I Don’t Think They’re Listening

Everybody enjoys voting right? We go out and get to voice our opinion, make change, revolutionize the world, and really make a difference in our communities. Feeling like you’re being an active voice in our democracy doesn’t always make it true. Yes, it’s fantastic that we have the right to vote and choose our own officials – If not for the results at least for the principle. If we didn’t have a voting system set up, our government would abruptly take away what voice we do have and we would immediately realize the errors of our ways. All that being said, I wouldn’t tell anyone they have to vote. This is a situation where I don’t think the “principle of the matter” should affect our judgment either. If you feel like voting is important, well that’s great. It’s even better that you are allowed to vote and you can go out there and vote to your heart’s content [probably only once a year]

Before you go out to the battlefront and parade your way to the ballot box I just want to make you aware of the costs and benefits of your actions. Just a simple economic analysis if you will. If after reading all of this you’re still “gay” for voting then go vote. At least after you’re done reading this you will be aware of the choice you make. I’m also about to show you how one of our basic rights as American Citizens, this beloved right to vote, isn’t exactly as “free” as it seems.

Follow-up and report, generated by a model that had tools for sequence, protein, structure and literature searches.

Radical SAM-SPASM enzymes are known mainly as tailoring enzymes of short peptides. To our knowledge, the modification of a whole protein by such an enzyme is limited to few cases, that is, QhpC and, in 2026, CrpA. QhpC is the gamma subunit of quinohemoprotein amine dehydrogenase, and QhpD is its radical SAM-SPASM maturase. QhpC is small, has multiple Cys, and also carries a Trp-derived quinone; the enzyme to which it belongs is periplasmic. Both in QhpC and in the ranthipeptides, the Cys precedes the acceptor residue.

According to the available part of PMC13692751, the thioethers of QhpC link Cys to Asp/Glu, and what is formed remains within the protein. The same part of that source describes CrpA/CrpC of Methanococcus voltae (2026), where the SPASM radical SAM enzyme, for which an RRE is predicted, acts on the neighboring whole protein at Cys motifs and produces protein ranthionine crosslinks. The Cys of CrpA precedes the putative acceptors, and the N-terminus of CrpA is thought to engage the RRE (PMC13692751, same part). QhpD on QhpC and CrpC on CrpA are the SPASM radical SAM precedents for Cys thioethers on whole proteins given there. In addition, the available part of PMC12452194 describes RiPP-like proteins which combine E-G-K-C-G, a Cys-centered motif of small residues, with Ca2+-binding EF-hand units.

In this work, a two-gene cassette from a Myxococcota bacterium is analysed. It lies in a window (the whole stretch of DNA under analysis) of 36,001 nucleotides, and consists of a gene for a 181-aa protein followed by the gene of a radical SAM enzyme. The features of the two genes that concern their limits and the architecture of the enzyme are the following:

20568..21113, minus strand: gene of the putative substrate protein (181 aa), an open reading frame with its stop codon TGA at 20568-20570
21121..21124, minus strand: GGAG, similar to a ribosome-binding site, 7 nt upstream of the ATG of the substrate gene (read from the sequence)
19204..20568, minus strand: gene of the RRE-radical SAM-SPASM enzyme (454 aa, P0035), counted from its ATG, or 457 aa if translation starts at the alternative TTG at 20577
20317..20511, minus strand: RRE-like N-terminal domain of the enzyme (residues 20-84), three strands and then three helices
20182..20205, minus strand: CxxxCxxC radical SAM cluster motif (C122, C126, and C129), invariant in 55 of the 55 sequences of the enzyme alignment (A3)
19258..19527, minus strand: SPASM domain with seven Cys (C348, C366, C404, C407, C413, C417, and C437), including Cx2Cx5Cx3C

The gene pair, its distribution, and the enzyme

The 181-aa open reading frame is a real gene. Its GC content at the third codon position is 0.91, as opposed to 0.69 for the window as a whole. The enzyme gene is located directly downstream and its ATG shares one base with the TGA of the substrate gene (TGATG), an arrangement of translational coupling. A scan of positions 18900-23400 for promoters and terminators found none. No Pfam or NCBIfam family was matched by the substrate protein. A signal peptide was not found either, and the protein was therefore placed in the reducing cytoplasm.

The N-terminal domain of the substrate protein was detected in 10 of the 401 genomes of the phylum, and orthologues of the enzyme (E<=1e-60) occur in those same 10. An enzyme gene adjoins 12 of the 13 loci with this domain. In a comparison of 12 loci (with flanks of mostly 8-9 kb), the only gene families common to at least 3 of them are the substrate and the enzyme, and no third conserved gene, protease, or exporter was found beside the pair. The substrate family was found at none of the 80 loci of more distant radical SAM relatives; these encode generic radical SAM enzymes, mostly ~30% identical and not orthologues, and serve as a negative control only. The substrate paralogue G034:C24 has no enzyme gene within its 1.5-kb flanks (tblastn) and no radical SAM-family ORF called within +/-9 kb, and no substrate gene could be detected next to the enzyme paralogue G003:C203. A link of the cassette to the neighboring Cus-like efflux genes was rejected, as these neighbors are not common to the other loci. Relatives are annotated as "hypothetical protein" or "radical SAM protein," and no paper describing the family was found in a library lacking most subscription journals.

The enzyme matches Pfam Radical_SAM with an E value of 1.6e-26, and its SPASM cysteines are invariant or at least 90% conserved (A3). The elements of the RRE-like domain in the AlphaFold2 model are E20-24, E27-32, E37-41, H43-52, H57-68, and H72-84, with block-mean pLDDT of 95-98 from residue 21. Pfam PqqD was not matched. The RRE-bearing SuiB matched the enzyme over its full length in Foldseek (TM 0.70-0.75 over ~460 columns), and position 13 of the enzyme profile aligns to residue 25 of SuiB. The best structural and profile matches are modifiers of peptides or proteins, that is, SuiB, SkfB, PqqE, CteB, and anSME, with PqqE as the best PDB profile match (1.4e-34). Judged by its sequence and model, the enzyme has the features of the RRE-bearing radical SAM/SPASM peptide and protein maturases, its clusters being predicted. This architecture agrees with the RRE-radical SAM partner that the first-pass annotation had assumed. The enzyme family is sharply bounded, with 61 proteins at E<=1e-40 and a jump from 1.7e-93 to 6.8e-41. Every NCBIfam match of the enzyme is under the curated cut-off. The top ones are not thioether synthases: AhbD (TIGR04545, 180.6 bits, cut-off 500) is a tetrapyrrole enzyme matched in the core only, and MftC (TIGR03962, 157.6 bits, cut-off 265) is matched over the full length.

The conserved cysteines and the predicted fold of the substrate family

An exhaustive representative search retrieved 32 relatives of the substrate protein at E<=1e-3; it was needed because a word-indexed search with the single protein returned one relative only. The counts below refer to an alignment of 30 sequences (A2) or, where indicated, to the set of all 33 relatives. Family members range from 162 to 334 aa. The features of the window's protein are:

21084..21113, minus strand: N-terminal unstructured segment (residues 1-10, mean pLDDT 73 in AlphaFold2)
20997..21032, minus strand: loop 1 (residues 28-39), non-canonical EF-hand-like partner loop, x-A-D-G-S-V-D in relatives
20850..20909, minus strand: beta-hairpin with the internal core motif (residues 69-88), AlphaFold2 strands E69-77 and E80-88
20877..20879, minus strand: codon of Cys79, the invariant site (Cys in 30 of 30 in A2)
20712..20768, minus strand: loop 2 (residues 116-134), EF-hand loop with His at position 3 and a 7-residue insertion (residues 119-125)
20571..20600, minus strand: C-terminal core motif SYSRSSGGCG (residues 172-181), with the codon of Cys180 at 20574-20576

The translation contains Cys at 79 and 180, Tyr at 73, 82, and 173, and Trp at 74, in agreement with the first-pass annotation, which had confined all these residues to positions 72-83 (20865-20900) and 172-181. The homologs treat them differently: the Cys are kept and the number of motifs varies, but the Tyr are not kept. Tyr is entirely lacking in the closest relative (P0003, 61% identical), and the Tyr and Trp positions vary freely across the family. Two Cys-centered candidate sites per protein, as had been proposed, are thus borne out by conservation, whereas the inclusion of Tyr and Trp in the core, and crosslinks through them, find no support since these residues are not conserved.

Instead of beginning on the negative side of the tracks I’ll side with the optimists and talk about the positives to voting. Obviously, and we all know, voting is essential to run a democratic form of government. There is no need to list all the hypothetical situations that would have surfaced over the years if we didn’t have this element to our country’s structure, but this isn’t a talk about the overall value of voting. This is about one individual vote – your vote. The positive side to your vote [or, from here out referred to as, the benefits] is the sense of community and respect for your own country and the pride that you feel you’ve had your voice heard. But any other real positives, in your own personal life, that you can think of will follow suit in they are only intrinsic in value. This is where the real problem arises because everyone sets the value of that benefit differently – this value usually decreases when they take a glimpse at the costs of voting. We’ve all heard the cliche “there’s no such thing as a free lunch”; this scenario is a perfect example of those words in application.